TEXT: /// OPT /// These summit meetings usually have so-called family photos, where all the leaders of Europe pose together for photographers. Today there will not be a family photo. That is because there is discord in the European family. /// END OPT /// This will be the first opportunity for Austrian Chancellor Wolfgang Schuessel to confront his colleagues since the other 14 leaders agreed to downgrade their relations with his government. French President Jacques Chirac put out word he does not want to stand for a photograph with Chancellor Schuessel. France and Belgium have been the most active E-U members in trying to isolate Austria since Chancellor Schuessel formed his coalition government with the far right Freedom Party. The Portuguese host has been trying to draw a distinction between the bilateral measures each country carries out against Austria and the country's participation in European Union business, like this summit meeting. The Portuguese have substituted a group photo of the European leaders with Mexican President Ernesto Zedillo, who is in Lisbon to sign an Association agreement with the European Union. In that way France and Belgium will have to insult Mexico if they want to avoid being seen in the same picture with Chancellor Schuessel. Portuguese Prime Minister Antonio Guetteres tells reporters he wants this summit meeting to be about how Europe can create new jobs with new technology.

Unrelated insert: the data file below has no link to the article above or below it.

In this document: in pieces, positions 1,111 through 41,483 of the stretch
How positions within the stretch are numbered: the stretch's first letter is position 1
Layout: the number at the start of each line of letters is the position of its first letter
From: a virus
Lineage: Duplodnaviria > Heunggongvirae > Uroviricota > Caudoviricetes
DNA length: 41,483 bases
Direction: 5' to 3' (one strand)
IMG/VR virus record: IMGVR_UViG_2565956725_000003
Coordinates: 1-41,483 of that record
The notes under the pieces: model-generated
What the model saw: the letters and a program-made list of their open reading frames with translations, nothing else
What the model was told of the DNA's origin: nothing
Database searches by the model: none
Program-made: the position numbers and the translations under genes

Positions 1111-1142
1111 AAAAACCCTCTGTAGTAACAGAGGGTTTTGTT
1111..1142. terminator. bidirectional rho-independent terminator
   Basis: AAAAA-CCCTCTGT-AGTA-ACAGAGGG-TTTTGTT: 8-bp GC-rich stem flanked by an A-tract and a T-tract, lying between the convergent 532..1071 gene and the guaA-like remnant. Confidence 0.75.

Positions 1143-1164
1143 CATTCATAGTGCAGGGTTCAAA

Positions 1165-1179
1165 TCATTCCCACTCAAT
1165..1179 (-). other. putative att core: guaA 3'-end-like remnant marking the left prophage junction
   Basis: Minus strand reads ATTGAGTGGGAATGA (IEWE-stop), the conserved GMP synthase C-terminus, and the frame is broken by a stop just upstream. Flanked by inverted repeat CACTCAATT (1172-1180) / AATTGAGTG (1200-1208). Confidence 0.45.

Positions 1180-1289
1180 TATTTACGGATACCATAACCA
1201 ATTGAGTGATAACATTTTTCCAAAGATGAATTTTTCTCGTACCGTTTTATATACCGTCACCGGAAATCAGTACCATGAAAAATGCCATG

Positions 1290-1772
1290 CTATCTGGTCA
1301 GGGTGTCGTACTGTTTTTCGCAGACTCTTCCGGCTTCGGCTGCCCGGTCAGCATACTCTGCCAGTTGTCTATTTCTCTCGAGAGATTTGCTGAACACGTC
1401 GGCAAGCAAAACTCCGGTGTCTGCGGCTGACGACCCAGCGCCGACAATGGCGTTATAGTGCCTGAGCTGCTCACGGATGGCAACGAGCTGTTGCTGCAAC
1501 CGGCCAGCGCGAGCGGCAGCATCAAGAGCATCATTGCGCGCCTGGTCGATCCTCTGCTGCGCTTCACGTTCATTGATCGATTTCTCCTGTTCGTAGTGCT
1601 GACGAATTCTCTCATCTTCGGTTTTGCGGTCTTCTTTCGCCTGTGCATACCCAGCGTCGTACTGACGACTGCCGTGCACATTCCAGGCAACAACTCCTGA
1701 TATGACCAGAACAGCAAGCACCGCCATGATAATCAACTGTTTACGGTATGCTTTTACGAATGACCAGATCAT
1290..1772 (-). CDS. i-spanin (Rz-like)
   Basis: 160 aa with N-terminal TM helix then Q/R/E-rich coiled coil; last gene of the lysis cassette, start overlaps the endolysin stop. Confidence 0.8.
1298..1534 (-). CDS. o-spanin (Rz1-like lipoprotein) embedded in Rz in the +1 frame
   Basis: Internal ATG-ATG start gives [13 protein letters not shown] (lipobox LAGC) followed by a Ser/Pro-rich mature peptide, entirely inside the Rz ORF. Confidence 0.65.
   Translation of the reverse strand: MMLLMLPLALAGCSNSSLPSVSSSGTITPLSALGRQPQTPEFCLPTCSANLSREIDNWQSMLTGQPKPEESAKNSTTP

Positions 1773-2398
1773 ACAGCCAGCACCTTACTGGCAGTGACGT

/// GUETTERES ACT ///

    Let me be very honest with you, this is not a summit about Austria, this is a summit about employment. Of course, the Chancellor of Austria is perfectly entitled to express his points of view during our dinner and I will give an answer to what I have been stressing, the positions of the 14 members about Austria but also in the full guarantee of Austria's participation in the European Union.

    /// END ACT ///